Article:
UMGC Library

Human Resource Management: Citing Sources

A Library Research Guide

APA Citation Examples

Indent each line of the citation after the first line five spaces.

No official APA format for citing online classroom materials exists - this is merely a recommended format to use in citing such documents.

Course Module - Material Created or Adapted by UMGC:

Author. (Year). Title of document. Retrieval information.

UMGC. (n.d.). Lecture 5: Leadership and strategic thinking. Document posted in University of Maryland Global Campus HCAD 600 9041 online classroom, archived at

Course Reading - Material Authored by a Source Other than UMGC:

Author name. (Year). Document title Retrieval information. (2018). Leading health indicators. Retrieved from

When no author is named, begin with the title, followed by the publication year, etc. When no publication years is given, use (n.d.) for no date.

Discussion Posts:

If in your Discussion post you quote, paraphrase, or summarize your course module or course readings or other material you researched from the library or the Web or a print source, give an in-text citation AND a reference  list citation at the end of your Discussion post in the same manner as you would within a research paper.

If you mention or refer to another student's entry/response in a Discussion post then do not cite it but simply mention the other student's entry in your sentence. Example: I agree with Susan Day (Discussion Post October 30, 2018) where she lists specific state legislatures that supported the Affordable Care Act.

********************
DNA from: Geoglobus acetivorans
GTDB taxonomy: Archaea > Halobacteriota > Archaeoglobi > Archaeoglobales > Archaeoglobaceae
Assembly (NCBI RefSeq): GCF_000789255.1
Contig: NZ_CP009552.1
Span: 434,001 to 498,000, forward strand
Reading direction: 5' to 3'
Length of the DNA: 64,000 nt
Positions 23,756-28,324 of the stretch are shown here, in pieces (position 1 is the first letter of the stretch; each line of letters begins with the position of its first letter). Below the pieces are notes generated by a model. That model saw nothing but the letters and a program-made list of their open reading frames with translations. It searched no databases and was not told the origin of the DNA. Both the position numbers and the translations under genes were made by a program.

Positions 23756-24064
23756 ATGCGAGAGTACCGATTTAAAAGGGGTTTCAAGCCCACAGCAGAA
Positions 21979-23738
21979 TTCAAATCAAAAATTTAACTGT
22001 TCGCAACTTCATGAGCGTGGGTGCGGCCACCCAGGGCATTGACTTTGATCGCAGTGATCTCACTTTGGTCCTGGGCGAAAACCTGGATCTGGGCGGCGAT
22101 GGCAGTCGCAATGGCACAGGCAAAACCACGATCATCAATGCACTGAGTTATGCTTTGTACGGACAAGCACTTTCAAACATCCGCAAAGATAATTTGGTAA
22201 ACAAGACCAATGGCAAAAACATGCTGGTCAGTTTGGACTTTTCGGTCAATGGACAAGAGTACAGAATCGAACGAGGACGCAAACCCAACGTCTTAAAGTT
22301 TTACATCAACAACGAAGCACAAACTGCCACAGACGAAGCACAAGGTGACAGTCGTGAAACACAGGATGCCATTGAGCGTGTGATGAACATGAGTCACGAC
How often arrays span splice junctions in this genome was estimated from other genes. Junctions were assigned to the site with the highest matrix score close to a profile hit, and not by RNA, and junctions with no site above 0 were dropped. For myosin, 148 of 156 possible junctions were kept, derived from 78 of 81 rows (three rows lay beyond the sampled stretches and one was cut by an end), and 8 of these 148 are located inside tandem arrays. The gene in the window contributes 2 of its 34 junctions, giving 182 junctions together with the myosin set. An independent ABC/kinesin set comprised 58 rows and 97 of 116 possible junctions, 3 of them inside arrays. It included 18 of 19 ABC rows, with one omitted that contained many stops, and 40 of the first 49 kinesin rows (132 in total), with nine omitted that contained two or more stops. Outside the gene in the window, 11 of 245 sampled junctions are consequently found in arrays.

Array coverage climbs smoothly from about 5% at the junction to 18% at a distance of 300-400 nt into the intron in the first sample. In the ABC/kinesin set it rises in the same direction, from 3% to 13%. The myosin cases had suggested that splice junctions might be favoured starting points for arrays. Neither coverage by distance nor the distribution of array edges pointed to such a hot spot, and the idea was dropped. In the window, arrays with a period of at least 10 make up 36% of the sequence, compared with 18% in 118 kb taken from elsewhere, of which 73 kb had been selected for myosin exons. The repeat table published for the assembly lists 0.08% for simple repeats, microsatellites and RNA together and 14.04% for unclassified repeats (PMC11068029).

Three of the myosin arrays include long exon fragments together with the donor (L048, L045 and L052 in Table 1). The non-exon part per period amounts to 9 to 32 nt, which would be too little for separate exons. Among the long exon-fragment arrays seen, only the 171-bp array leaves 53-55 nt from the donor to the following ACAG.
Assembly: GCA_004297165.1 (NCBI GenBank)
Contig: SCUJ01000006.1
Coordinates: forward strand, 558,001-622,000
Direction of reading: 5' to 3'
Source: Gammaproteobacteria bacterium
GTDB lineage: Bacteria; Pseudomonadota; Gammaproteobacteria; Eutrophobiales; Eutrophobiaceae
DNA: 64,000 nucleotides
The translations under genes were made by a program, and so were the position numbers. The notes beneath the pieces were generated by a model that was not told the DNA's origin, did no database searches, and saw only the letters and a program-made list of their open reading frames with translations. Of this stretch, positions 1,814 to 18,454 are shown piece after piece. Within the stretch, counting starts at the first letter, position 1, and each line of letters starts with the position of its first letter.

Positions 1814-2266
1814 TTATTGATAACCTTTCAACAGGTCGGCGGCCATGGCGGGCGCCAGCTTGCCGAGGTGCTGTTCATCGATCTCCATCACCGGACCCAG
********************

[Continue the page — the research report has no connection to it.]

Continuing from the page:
Journal Article from a Library Database:

If there is a DOI: 

Author last name, author first initial. (Year). Article title. Journal title, volume(issue), pages. DOI URL

Dumais, S. A., Rizzuto, T. E., Cleary, J., & Dowden, L. (2013). Stressors and supports for adult online learners: Comparing first- and continuing-generation college students. American Journal of Distance Education, 27(2), 100-110.

If there is no DOI, simply end the reference citation with the page numbers:

Author last name, author first initial. (Year). Article title. Journal title, volume(issue), pages. 

Reitzes, D. C., & Mutran, E. J. (2004). The transition to retirement: Stages and factors that influence retirement adjustment. International Journal of Aging and Human Development, 59(1), 63-84. 

Print Book:

Author last name, author first initial. (Year). Book title. Publisher name.

Veletsianos, G. (2020). Learning online: The student experience. Johns Hopkins University Press.

E-book from a Library Database:

If there is a DOI: 

Author last name, author first initial. (Year). E-book title. Publisher name. DOI URL

Chaffe-Stengel, P., & Stengel, D. (2012). Working with sample data: Exploration and inference. Business Expert Press.

If there is no DOI, then cite as a print book:

Author last name, author first initial. (Year). E-book title. Publisher name.

Burgess, R. (2019). Rethinking global health: Frameworks of power. Routledge.

Web Page:

Author last name, author first initial. (Date). Web page title. Web site publisher, if different than author. URL

Freitas, N. (2015, January 6). People around the world are voluntarily submitting to China’s Great Firewall. Why? Slate.

Centers for Disease Control and Prevention. (n.d.). What is health literacy?

For more examples of APA citations, see the library's APA Citation Examples guide.

Ask a Librarian


E-Mail Us | 240-684-2020
855-655-8682, opt. 7, x22020

Chat Hours (ET)
Mon-Thurs:    8am-9:30pm
Fri: 8am-5pm
Sat: 11am-4pm
Sun: 10am-8pm

Tell us how we're doing